Pat Frank
Reply to  Frank from NoVA
May 28, 2023 11:36 am

Thanks, Frank. Climate change, so-called, is not a science issue at all. It’s a pseudo-science issue.

Consensus climatology is a subjectivist narrative — like every academic critical theory in existence — except it’s decorated with mathematics.

The subtext of my post above is that it’s doubtful there’s a single modern climatologist who knows how to evaluate the physical reliability of their own data. That indictment includes the hotists, the warmists, and the skeptics.

Propagation… garnered lots of attacks when it appeared in 2019. The criticisms all failed because none of the critics understood methodological calibration, the difference between accuracy and precision, the difference between physical error and an uncertainty statistic, propagation of error, or the meaning of predictive uncertainty (it’s not the probability distribution around a model mean).

That includes Roy Spenser — although a notable skeptic — whose attempted critique was embarrassingly inept. He evidenced all those lacks of understanding, including mistaking uncertainty for error.

I believe the same is true of Judith Curry. She has never come to grips with physical uncertainty or propagation of error.

I suspect, like all modern climatologists, she doesn’t understand any of it or the absolutely basic need to have that understanding.

Only if one wants to be a scientist, of course.

Pat Frank
Reply to  Kip Hansen
May 28, 2023 6:38 pm

Kip — I’d need only check the Index.

In her blogged description of the Table of Contents, Judith wrote this about climate models: “Chapter 6 describes global climate models, including their uncertainties. Context is provided for why we placed so much confidence in these inadequate tools.” (m bold)

I know why: because none of these people, including Judith, ever thought about propagating error through a simulation.

And I surmise with some confidence that no one in the field, including Judith, has any understanding of the meaning of physical uncertainty, or of error propagation or of the importance of doing it.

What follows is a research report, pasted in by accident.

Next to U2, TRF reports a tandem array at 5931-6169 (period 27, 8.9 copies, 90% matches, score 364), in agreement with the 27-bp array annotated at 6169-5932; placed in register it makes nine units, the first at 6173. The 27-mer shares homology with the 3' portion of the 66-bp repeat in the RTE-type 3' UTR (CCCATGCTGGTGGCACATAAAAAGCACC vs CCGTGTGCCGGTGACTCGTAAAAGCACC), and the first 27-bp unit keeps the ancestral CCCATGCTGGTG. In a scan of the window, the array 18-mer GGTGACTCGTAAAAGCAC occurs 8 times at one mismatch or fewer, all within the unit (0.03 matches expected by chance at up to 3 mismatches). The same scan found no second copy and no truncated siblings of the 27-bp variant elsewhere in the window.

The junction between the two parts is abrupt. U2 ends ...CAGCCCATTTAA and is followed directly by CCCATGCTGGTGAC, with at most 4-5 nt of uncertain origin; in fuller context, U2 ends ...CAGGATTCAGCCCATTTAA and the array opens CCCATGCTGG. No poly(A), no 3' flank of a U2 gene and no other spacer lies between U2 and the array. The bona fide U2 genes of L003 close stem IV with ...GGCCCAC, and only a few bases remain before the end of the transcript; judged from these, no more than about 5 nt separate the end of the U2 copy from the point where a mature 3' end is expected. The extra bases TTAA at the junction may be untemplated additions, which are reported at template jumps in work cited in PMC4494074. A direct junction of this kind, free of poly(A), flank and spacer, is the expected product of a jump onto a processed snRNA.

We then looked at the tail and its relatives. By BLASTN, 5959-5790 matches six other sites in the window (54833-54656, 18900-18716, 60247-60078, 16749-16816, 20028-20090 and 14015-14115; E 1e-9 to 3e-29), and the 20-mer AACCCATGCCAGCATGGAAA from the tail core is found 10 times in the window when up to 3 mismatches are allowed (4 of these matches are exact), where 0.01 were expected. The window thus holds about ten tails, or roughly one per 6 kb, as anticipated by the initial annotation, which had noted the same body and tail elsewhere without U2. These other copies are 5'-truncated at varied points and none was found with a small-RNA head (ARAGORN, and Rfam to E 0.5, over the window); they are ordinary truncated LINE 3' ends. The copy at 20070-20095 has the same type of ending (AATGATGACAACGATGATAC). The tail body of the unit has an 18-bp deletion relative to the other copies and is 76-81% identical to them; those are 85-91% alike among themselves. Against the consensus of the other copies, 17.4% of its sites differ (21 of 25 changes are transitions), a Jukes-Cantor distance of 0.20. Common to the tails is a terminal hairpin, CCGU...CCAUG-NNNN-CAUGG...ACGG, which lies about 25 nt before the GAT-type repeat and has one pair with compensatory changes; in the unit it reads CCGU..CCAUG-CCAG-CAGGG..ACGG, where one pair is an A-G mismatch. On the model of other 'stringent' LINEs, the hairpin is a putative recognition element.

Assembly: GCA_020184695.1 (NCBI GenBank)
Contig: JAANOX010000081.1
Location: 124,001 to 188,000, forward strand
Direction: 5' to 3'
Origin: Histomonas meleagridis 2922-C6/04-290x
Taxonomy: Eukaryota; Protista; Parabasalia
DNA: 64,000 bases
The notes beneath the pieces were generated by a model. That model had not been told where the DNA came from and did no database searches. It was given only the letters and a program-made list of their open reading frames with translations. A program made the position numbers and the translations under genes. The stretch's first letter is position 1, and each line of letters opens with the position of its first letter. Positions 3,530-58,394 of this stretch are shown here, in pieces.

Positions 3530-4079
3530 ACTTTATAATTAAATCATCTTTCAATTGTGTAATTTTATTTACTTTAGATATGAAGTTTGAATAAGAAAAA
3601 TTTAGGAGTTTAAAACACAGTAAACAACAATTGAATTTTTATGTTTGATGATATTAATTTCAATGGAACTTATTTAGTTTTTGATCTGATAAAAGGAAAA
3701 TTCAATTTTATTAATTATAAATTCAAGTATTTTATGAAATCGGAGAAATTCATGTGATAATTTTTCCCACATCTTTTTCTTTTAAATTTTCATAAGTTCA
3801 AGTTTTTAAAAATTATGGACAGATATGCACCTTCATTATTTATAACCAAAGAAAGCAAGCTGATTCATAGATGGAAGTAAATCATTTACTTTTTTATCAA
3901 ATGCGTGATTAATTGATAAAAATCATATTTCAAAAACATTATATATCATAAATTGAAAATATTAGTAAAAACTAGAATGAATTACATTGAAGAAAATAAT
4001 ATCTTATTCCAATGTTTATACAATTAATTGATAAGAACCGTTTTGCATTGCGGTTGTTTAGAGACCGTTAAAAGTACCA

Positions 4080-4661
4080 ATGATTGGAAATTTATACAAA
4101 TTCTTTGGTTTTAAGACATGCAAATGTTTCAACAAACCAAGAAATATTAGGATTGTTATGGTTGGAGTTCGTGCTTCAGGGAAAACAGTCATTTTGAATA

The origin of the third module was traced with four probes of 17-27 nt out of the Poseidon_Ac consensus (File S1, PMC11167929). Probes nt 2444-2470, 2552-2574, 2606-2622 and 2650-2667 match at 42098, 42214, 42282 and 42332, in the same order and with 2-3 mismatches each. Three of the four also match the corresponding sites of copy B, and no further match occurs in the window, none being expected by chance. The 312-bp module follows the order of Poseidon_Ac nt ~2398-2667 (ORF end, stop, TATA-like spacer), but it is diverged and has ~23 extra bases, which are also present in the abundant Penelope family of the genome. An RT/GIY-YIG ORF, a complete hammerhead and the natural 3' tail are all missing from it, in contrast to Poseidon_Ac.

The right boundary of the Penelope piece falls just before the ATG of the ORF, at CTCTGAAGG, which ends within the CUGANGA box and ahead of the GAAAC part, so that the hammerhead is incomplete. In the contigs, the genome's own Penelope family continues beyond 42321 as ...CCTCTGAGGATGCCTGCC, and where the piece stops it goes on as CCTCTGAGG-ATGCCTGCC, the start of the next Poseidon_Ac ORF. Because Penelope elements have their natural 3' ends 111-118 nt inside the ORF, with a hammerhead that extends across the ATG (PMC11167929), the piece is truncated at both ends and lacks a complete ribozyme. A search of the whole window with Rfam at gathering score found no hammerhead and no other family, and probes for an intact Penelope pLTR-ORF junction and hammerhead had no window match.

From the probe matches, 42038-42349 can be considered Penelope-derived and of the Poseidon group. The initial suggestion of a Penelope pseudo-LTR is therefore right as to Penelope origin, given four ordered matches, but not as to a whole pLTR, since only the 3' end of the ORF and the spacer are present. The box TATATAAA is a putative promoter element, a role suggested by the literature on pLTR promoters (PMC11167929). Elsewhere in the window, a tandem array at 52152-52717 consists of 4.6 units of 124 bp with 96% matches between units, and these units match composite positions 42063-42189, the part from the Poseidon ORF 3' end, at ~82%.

You have the book. Please check the Index.

Is Soon, et al, (2001) mentioned? That paper merely showed the huge errors in the energy state of the simulated climate because of deficient physics. But she (included in her we) placed so much confidence in them.

Does Carl Wunsch (2002) appear there? His 2002 paper points out that GCM ocean models don’t converge. And yet they placed so much confidence in them.

In 2010 Anagnostopoulos, et al. (the Demitris Koutsoyiannis group) published their second paper showing that climate model simulations did not match observations (First here). Found in the Index?

Is Propagation mentioned? That was published 3¹/₂ years ago. Is 3¹/₂ years enough time to find its way into a 2023 book focused on model uncertainty?

Please post here on what you find.

Here’s the whole problem. Just replace “Climate Modelers” with ‘Modern Climatologists’ in the title.

Pat Frank
Reply to  Pat Frank
May 31, 2023 9:38 pm

Kip — it would have been easy enough to look.

May 27, 2023 9:27 pm

If all the political leaders, and the vast majority of the scientific/academic community, as well as those who control and run the mass media of the world are all in support of this futile and dangerous remed, to: